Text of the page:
Thursday, January 28, 2010


Probably, the hardest thing to explain to folks is the toll I pay for doing the most normal things. The extra-ordinary events come at an even higher cost. No amount of prepping, organizing, assistance, self management, meditation, or other techniques will mitigate that choosing to participate will cause me to spend time in the penalty box. It is four days after my coast trip and I still feel like I was hit by a truck. I've been in bed for most of that time, my hubbie says I have dark circles under my eyes, and my arms, hands, and left leg are driving me batty.
So, what do I do? Become like the troll under the bridge and be defined by the MonSter rather than the brave creature who dared to cross the chasm no matter the outcome? 
This past Saturday,watching the winter grey waves reflecting the unexpected gift of sunlight, spending time with friends, and reading a fantastic book; my answer to the do or not do question was easy. By Sunday night, say around 2am with my arm pain keeping me awake,I was questioning the sanity of doing such an ordinary thing. 
My bags from the weekend remain packed. The mountain of laundry is growing. And, my body shows no sign of improving. How can something as simple as a weekend trip make me pay and pay.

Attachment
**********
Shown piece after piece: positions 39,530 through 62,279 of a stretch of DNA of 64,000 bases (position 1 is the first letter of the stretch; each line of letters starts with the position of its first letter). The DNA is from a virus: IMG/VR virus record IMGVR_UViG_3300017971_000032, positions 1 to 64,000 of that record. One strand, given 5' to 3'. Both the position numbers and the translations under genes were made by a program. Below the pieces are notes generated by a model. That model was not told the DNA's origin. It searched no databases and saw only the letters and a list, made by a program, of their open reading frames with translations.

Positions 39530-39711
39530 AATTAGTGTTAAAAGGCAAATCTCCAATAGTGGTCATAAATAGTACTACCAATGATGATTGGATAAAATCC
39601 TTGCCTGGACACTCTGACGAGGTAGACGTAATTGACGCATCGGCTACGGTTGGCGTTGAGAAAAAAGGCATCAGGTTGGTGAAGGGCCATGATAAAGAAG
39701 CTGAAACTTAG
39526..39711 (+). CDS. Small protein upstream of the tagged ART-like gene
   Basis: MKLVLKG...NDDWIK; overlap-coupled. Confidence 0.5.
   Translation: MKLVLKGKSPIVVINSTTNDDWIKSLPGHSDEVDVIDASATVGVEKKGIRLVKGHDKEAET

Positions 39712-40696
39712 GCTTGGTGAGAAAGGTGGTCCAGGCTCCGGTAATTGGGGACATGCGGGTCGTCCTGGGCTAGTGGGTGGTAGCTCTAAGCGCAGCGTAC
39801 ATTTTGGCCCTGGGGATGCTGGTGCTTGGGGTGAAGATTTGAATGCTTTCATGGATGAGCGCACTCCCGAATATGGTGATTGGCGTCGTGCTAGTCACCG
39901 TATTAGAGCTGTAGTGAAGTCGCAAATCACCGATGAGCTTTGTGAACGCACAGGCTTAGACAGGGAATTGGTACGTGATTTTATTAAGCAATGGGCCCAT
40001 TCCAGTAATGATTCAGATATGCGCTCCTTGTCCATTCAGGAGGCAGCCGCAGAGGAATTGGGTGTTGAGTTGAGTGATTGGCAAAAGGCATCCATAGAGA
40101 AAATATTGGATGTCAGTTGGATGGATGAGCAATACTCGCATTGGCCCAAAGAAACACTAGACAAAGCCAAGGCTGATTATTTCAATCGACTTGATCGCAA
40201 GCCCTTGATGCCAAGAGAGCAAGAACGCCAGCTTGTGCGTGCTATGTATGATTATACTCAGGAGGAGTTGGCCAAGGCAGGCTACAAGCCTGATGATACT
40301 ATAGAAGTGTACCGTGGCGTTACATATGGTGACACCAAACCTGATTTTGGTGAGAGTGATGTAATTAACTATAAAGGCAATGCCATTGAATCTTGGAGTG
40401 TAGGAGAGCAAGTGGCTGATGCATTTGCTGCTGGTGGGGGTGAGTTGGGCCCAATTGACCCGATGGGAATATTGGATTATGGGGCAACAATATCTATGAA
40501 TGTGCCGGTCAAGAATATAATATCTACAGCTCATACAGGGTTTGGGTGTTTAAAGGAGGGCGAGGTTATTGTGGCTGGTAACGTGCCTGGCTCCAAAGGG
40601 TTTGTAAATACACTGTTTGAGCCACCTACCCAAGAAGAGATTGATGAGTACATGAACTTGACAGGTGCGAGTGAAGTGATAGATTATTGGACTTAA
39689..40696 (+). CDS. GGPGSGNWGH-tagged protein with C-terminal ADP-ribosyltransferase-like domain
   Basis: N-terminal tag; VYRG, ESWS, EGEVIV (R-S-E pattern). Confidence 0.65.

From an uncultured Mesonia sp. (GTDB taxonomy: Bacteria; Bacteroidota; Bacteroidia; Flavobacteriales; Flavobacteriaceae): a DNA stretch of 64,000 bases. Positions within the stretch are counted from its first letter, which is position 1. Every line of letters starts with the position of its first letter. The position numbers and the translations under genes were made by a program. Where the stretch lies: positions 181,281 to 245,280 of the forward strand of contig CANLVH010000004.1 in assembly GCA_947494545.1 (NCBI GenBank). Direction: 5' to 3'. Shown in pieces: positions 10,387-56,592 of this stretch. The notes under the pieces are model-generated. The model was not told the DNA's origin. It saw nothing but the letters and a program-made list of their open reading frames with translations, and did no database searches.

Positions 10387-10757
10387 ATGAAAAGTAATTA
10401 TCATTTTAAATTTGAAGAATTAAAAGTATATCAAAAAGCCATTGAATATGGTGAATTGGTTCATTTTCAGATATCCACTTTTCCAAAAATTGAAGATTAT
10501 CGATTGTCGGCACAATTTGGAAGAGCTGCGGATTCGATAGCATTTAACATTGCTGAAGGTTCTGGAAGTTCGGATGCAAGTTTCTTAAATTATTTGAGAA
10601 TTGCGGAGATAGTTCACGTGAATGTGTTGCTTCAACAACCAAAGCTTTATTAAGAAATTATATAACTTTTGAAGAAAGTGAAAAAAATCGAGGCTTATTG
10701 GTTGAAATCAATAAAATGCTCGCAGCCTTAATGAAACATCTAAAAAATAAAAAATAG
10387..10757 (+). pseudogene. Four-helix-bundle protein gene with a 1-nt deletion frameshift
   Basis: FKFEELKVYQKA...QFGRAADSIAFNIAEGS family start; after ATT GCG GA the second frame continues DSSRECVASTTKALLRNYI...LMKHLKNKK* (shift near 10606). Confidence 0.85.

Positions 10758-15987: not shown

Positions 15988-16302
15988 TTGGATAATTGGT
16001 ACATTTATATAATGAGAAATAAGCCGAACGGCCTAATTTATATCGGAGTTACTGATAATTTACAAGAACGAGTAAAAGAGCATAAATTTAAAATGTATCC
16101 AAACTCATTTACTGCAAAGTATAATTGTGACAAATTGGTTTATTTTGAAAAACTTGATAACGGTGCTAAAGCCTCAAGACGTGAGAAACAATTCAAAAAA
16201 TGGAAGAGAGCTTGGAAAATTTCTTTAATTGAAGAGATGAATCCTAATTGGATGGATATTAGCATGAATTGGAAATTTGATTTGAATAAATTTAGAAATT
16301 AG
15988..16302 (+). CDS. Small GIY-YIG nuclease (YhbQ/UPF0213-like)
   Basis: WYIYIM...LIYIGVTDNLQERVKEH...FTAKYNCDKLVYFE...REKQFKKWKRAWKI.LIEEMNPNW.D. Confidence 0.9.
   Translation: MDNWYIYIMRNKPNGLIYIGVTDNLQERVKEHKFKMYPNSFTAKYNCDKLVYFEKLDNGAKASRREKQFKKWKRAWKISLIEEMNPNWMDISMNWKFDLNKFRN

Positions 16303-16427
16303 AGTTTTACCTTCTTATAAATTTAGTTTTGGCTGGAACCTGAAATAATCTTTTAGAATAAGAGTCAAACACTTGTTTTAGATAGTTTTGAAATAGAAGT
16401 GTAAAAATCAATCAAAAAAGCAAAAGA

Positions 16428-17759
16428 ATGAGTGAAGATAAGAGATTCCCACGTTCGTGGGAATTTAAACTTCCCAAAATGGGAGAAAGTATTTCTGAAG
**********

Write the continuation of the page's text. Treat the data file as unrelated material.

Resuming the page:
It isn't as simple as, OK, I shouldn't go, so don't even ask me. I want, more than I can express, to be a 'normal' almost 45-year old woman who works, gardens, cooks, takes the occasional trip and the countless other things that I should be able to do without weighing whether my body will go into an MS death spiral. See the Amazing Janine as she attempts to live while balancing precariously over the precipice of MS.
All I know for sure is that for today, I will take the best care of my self that I can and savor the memories of this past weekend. And, leave the future to sort itself out. 
I am aware, always, of God in my life. With Him daily survival is a soul thing. He is the constant in my lowest times, contented times, and when I am at my best. I read this Psalm and am reminded of this.

A Pilgrim Song

 1God, I'm not trying to rule the roost, I don't want to be king of the mountain.
   I haven't meddled where I have no business
      or fantasized grandiose plans.

 2 I've kept my feet on the ground,
      I've cultivated a quiet heart.
   Like a baby content in its mother's arms,
      my soul is a baby content.

 3 Wait, Israel, for God. Wait with hope.
      Hope now; hope always!

Psalm 131

Tuesday, January 26, 2010

Complicated Math Equation that is Life with MS

I am too tired to write much here. This past weekend a dear friend or two helped me to overcome the inertia of MS and I made it to the coast. It was one of those rare winter days of blue-sky and sunshine that keep us Oregonians returning to the beach in these long rainy winter months. So a huge thank you to the 'angel' who helped me pack and prep on Friday afternoon. Long gone are the days of dropping a few things in a bag and zipping out the driveway. And, also, thank you to my cabin mates who made it so easy to be needy! I will definitely 'pay' to play and hope to not do too much this week (as if I have much choice).